pSivida, HSS start IND to study sustained-release implant for severe knee OA
pSivida Corp and Hospital for Special Surgery announced the initiation of an investigational new drug application to begin an investigator-sponsored clinical study of a sustained-release implant to treat severe knee osteoarthritis.
According to a press release, the device is designed to provide long-term pain relief for patients with severe knee osteoarthritis and will be implanted into the non-articulating part of the knee during an outpatient procedure. The study will evaluate the implant for 6 months, and the duration of release after a single treatment is expected to extend up to 1 year or more.
The open-label, single-dose, safety and tolerability study will assess the ability of the screw implant to administer dexamethasone. Each of the six patients will have the device implanted in one knee. Each week, investigators will assess change from baseline in mean of pain intensity scores at rest, with activity and at night through 24 weeks.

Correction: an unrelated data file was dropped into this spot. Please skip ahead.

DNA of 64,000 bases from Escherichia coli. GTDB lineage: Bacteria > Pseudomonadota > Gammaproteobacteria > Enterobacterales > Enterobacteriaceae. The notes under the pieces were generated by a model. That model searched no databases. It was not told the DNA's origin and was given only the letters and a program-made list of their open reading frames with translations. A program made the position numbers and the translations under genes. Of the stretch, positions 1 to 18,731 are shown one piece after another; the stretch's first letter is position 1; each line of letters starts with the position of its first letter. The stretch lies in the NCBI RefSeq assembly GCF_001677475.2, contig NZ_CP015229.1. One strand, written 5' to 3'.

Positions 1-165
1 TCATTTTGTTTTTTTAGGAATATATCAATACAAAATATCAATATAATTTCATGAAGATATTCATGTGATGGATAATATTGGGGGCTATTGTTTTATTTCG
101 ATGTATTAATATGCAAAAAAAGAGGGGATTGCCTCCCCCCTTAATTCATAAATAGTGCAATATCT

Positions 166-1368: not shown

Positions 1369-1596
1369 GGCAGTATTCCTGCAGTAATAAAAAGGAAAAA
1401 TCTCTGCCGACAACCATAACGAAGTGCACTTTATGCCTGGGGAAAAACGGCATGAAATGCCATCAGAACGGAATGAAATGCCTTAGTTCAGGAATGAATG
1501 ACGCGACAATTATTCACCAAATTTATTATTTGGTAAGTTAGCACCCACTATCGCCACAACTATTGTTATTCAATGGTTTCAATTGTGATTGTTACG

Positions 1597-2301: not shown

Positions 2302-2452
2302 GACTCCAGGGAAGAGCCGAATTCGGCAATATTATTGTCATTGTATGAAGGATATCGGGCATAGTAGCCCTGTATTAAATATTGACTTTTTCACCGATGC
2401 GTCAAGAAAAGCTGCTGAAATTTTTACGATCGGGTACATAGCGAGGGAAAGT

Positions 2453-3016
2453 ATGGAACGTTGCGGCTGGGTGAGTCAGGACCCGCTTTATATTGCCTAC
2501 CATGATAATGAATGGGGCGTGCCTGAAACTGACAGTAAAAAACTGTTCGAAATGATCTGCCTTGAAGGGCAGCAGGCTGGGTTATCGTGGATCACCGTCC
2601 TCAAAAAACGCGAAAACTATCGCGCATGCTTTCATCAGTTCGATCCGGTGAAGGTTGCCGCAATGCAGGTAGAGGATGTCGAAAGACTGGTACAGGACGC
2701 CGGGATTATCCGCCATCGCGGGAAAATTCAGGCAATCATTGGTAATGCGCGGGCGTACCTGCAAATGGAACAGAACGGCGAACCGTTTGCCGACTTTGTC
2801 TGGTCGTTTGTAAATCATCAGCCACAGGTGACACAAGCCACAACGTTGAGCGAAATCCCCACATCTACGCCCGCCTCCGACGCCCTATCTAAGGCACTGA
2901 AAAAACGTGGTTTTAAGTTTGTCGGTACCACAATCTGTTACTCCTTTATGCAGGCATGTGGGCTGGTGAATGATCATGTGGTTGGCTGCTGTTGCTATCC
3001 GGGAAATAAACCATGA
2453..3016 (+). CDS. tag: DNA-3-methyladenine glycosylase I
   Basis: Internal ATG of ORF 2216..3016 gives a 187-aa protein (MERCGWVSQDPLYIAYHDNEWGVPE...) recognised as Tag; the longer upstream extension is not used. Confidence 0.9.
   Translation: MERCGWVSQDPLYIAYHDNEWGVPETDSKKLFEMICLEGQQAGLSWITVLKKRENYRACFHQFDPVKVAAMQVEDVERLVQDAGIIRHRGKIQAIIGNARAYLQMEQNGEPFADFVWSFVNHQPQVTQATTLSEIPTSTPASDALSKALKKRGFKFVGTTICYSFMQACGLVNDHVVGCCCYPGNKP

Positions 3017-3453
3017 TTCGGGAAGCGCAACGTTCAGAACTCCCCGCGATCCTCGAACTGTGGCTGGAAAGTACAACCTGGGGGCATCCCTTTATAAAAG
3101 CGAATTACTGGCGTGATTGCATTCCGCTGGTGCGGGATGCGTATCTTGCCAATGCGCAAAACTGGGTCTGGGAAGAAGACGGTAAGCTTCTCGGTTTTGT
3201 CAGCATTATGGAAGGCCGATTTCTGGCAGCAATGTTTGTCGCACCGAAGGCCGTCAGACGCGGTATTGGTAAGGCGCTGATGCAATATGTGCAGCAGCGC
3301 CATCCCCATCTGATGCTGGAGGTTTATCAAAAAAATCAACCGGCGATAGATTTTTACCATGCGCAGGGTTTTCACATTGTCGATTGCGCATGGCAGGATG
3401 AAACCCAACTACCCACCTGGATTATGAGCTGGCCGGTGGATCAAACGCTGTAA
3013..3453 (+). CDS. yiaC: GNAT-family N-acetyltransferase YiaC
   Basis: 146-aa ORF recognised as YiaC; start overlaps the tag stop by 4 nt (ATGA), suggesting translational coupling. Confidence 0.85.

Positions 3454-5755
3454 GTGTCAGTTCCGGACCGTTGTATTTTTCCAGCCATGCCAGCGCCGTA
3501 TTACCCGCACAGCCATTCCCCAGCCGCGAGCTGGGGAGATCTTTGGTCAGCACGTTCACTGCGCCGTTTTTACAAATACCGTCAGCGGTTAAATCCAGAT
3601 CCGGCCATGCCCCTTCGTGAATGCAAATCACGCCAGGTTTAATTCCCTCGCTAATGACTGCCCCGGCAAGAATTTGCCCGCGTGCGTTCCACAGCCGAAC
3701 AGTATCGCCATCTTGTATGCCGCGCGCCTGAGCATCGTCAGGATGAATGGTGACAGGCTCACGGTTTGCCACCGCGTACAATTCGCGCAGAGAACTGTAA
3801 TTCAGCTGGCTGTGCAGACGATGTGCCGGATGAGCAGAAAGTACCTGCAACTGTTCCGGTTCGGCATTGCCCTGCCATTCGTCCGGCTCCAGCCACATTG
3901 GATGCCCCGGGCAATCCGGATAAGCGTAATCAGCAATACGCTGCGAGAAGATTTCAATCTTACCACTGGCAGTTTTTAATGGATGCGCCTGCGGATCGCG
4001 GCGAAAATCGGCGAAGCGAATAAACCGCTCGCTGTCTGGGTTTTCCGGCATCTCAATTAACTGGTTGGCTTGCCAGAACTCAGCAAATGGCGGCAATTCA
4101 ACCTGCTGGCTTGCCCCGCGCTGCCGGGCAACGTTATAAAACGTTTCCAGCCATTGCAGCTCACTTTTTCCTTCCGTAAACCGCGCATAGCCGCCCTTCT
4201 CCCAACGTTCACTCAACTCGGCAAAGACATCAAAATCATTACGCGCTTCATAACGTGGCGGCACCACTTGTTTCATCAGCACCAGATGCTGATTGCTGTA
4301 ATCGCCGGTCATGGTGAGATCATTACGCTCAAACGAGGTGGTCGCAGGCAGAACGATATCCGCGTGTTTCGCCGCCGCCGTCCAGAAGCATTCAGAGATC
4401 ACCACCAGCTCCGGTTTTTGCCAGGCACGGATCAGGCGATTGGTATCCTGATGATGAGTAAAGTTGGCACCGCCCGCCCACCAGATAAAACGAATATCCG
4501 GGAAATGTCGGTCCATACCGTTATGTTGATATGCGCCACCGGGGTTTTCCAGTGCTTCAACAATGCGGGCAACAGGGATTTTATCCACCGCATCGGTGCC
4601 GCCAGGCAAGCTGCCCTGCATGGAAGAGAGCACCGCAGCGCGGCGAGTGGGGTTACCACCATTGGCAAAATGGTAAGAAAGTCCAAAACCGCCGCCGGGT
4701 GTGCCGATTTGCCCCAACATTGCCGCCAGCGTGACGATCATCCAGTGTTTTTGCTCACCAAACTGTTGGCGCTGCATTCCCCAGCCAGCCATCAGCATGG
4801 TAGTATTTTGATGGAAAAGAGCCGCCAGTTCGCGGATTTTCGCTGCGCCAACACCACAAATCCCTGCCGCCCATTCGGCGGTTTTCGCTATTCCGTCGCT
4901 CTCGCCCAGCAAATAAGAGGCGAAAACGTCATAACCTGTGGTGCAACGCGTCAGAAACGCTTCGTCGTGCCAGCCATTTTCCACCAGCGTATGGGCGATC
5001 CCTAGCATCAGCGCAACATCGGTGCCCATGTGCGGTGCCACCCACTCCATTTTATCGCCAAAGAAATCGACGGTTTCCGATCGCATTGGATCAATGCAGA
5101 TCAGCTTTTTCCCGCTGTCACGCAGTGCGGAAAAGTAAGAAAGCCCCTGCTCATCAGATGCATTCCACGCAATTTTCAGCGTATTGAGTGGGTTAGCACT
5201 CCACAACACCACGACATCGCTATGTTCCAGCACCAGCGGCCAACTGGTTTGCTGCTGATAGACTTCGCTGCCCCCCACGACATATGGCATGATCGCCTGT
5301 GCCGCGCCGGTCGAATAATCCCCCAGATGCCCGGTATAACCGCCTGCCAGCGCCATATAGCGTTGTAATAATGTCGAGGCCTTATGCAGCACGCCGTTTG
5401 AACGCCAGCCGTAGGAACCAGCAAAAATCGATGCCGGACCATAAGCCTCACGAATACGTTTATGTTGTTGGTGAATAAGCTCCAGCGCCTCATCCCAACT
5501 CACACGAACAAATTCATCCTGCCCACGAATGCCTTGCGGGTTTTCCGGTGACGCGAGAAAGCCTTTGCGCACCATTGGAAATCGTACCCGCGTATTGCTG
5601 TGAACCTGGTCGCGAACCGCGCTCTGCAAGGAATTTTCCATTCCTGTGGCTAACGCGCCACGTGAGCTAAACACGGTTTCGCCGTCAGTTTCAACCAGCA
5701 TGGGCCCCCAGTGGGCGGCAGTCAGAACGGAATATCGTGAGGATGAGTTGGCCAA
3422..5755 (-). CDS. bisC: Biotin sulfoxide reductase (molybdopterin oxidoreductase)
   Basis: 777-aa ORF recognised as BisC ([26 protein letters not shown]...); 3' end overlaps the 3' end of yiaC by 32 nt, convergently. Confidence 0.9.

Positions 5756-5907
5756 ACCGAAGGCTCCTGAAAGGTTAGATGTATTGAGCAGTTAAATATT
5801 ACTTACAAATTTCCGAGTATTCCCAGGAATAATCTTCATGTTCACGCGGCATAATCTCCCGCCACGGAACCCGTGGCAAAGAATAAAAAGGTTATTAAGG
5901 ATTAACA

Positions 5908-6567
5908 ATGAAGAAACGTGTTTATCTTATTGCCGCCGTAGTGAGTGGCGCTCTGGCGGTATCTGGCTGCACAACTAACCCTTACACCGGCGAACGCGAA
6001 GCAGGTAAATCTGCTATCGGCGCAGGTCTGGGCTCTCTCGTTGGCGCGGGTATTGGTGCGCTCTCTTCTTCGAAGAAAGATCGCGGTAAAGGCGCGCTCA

“We believe this product has the potential to provide long-term pain relief and to contribute to improved joint function for patients with severe osteoarthritis, which can delay knee replacement surgery,” Robert Hotchkiss, medical director of clinical research at Hospital for Special Surgery (HSS), said in the release. “Implanting a small, secure reservoir that delivers a corticosteroid on a sustained basis directly to the knee could avoid the issues with systemic steroid delivery and repetitive knee injections. This implant, the result of the combined insights [from] HSS and the expertise of pSivida, has the potential to create a paradigm shift in a variety of conditions.”